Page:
Central Cariboo Search and Rescue splits into smaller response teams during COVID-19 pandemic
(Central Cariboo Search and Rescue - CCSAR/Facebook)
The Central Cariboo Search and Rescue (CCSAR) is just one of many first responder agencies that have taken precautionary steps to protect members while still being able to provide an essential service to the public.
Public relations coordinator Debra Bortolussi says they were very fortunate in the way of their chiefs and committee who were very proactive in making sure that they took precautions early on.
She says it was about the first or second week of March where they decided that they were going to cancel practices and implement something called Teams which will allow them to make sure they will be available for the community no matter what.
“So what that entails is let’s say we get a motor vehicle incident called and we go to respond with Team A, then Team B will be back up,” Bortolussi says. “And what this means is that if one of our Teams becomes compromised or exposed in any way, if one Team goes down that leaves us with Teams to still be able to respond.”
Bortolussi says they have had some members here and there throughout the past couple of weeks come down with flu-like symptoms and have done the responsible thing of being proactive and putting themselves into self-isolation.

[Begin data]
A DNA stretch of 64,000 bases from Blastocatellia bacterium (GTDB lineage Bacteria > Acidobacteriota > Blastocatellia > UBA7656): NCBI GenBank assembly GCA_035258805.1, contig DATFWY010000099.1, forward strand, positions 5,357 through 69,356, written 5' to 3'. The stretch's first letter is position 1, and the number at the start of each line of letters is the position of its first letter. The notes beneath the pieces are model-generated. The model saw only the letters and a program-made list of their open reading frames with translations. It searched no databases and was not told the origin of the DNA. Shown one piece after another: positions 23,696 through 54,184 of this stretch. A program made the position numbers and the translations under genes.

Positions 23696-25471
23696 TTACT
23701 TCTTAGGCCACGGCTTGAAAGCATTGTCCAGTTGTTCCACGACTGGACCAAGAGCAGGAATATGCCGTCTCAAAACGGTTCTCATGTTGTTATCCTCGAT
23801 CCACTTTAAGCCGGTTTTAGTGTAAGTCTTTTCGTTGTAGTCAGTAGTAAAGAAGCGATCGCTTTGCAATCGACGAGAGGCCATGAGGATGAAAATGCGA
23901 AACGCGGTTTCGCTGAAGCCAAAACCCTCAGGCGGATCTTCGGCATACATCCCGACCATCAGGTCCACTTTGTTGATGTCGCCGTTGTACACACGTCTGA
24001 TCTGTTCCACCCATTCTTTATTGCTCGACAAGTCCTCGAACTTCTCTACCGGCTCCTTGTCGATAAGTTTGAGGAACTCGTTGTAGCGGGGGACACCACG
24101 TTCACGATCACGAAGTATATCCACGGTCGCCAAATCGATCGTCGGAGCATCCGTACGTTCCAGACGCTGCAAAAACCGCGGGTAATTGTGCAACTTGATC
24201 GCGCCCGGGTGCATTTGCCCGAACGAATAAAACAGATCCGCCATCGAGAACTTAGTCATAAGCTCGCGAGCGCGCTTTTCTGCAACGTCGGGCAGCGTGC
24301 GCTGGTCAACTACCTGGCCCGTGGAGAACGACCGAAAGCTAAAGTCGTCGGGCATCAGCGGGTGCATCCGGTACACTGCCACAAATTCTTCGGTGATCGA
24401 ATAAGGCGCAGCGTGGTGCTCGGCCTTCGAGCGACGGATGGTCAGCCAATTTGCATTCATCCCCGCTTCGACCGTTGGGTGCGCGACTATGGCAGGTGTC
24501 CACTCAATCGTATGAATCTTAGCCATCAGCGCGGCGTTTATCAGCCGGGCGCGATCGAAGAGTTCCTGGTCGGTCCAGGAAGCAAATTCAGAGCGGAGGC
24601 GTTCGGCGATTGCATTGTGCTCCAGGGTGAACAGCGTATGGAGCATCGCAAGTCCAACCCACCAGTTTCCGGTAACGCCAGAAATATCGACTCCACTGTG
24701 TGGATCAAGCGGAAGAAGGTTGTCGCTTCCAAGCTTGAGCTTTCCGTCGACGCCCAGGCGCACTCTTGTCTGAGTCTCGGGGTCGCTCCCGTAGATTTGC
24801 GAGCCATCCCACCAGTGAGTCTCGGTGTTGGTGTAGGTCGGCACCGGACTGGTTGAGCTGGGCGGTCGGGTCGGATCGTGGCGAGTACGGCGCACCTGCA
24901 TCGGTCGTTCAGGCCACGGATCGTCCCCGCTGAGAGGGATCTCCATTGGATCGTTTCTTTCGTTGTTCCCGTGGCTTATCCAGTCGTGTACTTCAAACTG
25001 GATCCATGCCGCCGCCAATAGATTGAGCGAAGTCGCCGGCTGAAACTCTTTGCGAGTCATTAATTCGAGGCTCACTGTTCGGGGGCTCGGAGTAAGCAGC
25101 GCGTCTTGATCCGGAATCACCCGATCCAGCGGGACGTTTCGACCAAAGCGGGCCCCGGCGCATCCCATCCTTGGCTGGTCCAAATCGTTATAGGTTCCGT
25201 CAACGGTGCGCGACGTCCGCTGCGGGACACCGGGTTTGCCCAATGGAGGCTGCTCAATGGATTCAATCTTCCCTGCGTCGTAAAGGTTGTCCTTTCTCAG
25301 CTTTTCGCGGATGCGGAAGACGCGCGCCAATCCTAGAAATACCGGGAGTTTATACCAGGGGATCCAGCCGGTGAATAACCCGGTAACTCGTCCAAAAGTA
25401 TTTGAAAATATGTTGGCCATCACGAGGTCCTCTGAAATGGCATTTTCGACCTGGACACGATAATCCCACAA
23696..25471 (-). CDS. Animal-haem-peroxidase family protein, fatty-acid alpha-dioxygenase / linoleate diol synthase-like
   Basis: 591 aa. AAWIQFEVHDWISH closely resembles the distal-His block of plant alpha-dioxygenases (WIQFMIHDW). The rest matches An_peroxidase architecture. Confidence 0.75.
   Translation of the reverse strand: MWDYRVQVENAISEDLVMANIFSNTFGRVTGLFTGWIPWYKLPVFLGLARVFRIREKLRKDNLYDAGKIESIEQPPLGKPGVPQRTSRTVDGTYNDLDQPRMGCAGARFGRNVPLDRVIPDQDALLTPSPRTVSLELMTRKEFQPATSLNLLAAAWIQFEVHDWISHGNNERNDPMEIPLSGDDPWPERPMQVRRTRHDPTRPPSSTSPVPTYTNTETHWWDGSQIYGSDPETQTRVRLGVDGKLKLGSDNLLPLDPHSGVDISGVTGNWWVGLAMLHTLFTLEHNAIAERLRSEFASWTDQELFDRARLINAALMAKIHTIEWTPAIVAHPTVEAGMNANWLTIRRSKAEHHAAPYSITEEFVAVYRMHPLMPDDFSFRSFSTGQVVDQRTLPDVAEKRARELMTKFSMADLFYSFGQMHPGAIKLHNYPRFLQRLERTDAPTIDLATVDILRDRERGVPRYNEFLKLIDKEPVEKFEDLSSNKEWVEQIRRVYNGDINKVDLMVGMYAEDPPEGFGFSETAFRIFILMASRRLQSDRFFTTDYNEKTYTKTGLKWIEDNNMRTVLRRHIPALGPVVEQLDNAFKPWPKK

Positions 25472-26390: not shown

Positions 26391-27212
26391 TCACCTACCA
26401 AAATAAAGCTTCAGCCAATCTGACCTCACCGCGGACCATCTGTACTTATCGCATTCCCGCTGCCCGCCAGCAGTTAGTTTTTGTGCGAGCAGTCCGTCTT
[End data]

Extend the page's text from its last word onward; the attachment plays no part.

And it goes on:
“Again that’s why we have the Teams so it’s flexible,” she says.
As for how CCSAR members are keeping up on their skills that are perishable if not kept up to date and practiced, Bortolussi says they have been doing things within group chats such as sharing videos of other teams and their practices as well as techniques they want to be thinking about.
“I think the special thing about CCSAR is that we are all volunteers. We get nothing but the satisfaction of being there for our community and one thing that has been so amazing to see during this time is not only our volunteers’ dedication to being there to the community but also their dedication for being here for each other,” Bortolussi says.
“So when we have those conversations and our group messages about keeping our education up to date we also have conversations about ensuring how everyone is doing? How are you feeling? Are you scared? Are you worried? The best part is we truly are family so even though it is putting ourselves at risk to be there for the community and to respond during this kind of time we are more than happy to do it and we’re there for the community, but we’re also there for each other.”